I'm passionate about telling stories on the border, U.S.-Mexico relations, the criminal justice system, the military justice system, and technology, in English and Spanish. You'll find my English work in The New York Times, Longreads, The Marshall Project, and Slate, and my Spanish work in Letras Libres, Nexos, Cultura Colectiva, and Cronkite Noticias.
From Arizona, I have degrees in journalism and global studies from Arizona State University. I'm fluent in Spanish and have lived and worked in Mexico and Spain.
I've worked at the the U.S. Embassy in Madrid, the Arizona Innocence Project, the American Civil Liberties Union of Arizona, the U.S. House of Representatives, The Marshall Project, and Slate. I also spent several years as a volunteer teacher at the Arizona Department of Corrections, where I taught writing, current events, and journalism.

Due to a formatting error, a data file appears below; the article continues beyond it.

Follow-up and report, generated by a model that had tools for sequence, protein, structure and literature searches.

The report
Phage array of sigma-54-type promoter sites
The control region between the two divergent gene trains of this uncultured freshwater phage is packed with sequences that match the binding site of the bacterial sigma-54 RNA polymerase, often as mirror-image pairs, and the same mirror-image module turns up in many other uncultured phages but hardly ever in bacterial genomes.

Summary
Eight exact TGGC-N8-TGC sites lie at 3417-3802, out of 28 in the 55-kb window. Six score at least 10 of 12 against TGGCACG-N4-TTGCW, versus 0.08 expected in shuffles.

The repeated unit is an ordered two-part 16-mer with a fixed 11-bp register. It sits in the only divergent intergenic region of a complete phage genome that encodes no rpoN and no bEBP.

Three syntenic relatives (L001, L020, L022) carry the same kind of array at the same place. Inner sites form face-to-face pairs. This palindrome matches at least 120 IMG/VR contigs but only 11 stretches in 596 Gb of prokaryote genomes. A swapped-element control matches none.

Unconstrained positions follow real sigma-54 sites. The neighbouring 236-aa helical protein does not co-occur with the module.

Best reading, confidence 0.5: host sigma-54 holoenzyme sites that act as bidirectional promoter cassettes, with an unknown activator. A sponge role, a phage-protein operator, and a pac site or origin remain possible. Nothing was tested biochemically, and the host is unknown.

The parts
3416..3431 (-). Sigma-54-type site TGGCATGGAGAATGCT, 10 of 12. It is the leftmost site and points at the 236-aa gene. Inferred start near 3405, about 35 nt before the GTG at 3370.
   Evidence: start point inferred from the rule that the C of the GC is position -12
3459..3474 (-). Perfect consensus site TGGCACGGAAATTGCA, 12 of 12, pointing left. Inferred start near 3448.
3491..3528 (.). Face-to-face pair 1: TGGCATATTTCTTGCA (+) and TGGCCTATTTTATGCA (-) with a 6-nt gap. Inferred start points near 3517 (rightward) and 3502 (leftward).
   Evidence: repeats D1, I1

In 2019, Nick Kristof picked me as the winner of his Win-a-Trip contest through The New York Times. We traveled to Guatemala and Paraguay, where I reported on women's health, education, and development.
A Fulbright scholar, I spent seven months in Ciudad del Carmen, Campeche, Mexico, where I worked on a narrative storytelling project with women employed on offshore oil platforms, as well as on a manual for journalists covering migration in Mexico.
Most recently, I served as the senior coordinator for Convergence Lab, an ideas journalism and events series ASU organizes in Mexico.
I'm currently the managing editor for Future Tense, a partnership of ASU, Slate, and New America that explores the impact of technology on society.
I also write a monthly column for Mexico Today by Reforma and recently appeared as a season-long guest on The Mexican Dream, a podcast hosted by Roberta Jacobson, the former U.S. ambassador to Mexico.